When you think about technology in retail, what comes to mind? Often when we talk about technology, we gravitate to what consumers can see – things like scan-and-go, interactive mirrors, AR/VR or, recently, The Metaverse. These are technologies consumers directly interact with, so it makes sense for retailers to consider, evaluate and (where appropriate) integrate them as part of a broader customer experience. Yet we can’t forget about the technologies behind the scenes that help retailers o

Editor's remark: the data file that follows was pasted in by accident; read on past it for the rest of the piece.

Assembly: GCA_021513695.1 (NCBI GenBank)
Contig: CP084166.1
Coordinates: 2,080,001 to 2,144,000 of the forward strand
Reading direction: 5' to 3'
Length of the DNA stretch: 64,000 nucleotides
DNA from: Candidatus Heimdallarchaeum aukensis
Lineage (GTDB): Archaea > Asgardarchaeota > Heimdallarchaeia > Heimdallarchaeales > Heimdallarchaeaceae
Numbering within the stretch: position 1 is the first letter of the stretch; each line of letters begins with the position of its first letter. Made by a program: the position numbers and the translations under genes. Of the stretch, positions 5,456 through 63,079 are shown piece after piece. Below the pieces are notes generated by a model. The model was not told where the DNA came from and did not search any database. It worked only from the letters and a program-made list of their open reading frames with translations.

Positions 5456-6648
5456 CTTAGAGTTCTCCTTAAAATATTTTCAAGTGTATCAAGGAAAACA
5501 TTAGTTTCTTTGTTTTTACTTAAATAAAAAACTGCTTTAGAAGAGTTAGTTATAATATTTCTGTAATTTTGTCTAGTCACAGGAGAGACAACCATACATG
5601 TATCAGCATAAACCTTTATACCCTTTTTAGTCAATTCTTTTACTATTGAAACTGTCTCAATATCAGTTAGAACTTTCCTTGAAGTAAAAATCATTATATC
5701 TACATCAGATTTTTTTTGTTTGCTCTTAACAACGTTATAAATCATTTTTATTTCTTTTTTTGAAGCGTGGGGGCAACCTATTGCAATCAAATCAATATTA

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s optimise customer experience. Just look at ChatGPT. It has brought much attention to the potential of AI to speed up processes like content creation, but it’s not the only way. There are many other technologies customers may not directly see, but from which they will ultimately benefit. They are collectively referred to as martech – short for marketing technology. As a CX researcher, I find the whole martech space fascinating. It’s easy for me to say brands need to use data to offer better personalisation, but pulling that off can get complex. This complexity has led me to a part-time position at a martech consultancy called The Lumery as their director of knowledge enablement. I help share research, insights and education around martech. More on that another time. For now, I’m hoping that by highlighting the many impacts martech has for retailers, I can convince you that tech in retail doesn’t just mean what customers see in-store. It’s just as important to use technologies that connect you with customers, even if they don’t directly notice. To make this point, let me explain what martech means and then give a few examples of how it is already affecting retailers. Martech – connecting brands to customers Martech is becoming a common term, but it isn’t always used consistently. If you ask Amazon, then it’s a platform to create marketing campaigns. According to Gartner though, it’s a broad set of integrated technologies used to target, acquire and retain customers, which is a much broader definition. Some of these different definitions can be explained by how varied the martech industry is, and how quickly it’s growing. A recent industry recap1 identified nearly 10,000 different martech tools, ranging from applications for advertising and content to social, commerce, data and even project management tools. Amazon’s definition covers the advertising function, but not the other pieces. One of the keys to martech is that the pieces fit together like a jigsaw puzzle. Think about sending personalised emails to different consumer segments based on their recent browsing behaviour. To do that, you need accurate and real-time customer data from a well-designed and tagged e-commerce site, feeding an email system with automated rules and content that sends the comms. You might even have an experimentation platform that sends different comms to different segments and tracks their impact. To the customer, it might look like a simple email, but the tech behind it is just as important and complex as anything they might interact with in-store. This example highlights two of the major roles martech can play for retailers: collecting and interpreting customer data effectively, and putting that data to use for a variety of personalisation activities. These are far from the only benefits though, let me highlight a few more. 1. Automation A big drawcard of martech is the ability to synthesise large amounts of data quickly, then automate marketing activities like sending timely emails, messages or app pop-ups, and even customising website landing pages. As businesses scale and customer behaviour gets more complex, effectively automating marketing activities is becoming critical, particularly if the aim is to offer some level of personalisation. AI has great potential for automation as part of martech, but it’s not the only method. Other martech platforms provide forms of automation through decision rules and process flows. The key here is being able to respond to customers automatically in the appropriate way, at the appropriate time. Whether through AI, machine learning, simpler rules or other means, martech can unlock a lot of marketing activities. The question then becomes what activities should be automated, and when? This leads to the next benefit, experimentation. 2. Experimentation As a psychology major who went into academic research, I find the idea of developing and testing hypotheses through experiments second nature. So it surprises me that marketing decisions, new products and campaigns are often launched without any testing. Research shouldn’t get in the way of creativity, but martech has enhanced the ability of businesses to ‘test-and-learn’ through experimentation. Martech tools allow marketers to adapt content or even website architecture dynamically, and then track and iterate on the results in real time. Think of it this way: If you’re not experimenting or learning from your marketing activities, how will you know what worked, what didn’t, or even if there is a better way to do things? This is where the next benefit comes in – attribution. 3. Attribution Attribution is a complex topic, with many debates about the best way to do it. The general idea is relatively simple though; attribution is about evaluating the effectiveness or impact of different marketing activities, communications or even whole channels. As an example, let’s look at a customer who just bought something on your website. Was that sale driven by the website, a recent email campaign, a banner ad or other marketing activities? It was probably a combination of all of those, and attribution is about figuring out what that combination is and then determining (i.e., attributing) how impactful each of those touchpoints was in each customer’s journey. There are a variety of ways attribution can work, and martech makes them possible by identifying and tracking customers over touchpoints, connecting those touchpoints into journeys, and even applying different attribution models. So, it not only helps set up and facilitate marketing activities, it can even help you evaluate them. 4. Marketing operations As I wrote earlier, martech isn’t just about external marketing activities. It can also help marketing teams work more efficiently through digitally enabled processes and planning. Have you ever used a Miro board to collaborate with a co-worker? That’s one of the nearly 10,000 martech tools in the industry that I mentioned earlier. Maybe you use project management or agile working tools, those are on the list, too. I started this article writing about how tech isn’t just what customers see, and the same applies within martech itself. Martech isn’t just the tools that create or facilitate outbound marketing activities, it’s also the tools, people and processes that make all those activities come together. So what? My main point from this more technical article than my others for Inside Retail is this: the technology you use to connect to customers, martech, is just as important as the technology with which your customers directly interact. Despite its complexity, martech is a critical part of building an engaging customer experience. So next time you think about technology in retail, don’t just think about the tech customers see. The key to unlocking the experience your customers want may be there just under the surface – you just have to put the jigsaw pieces together to see it.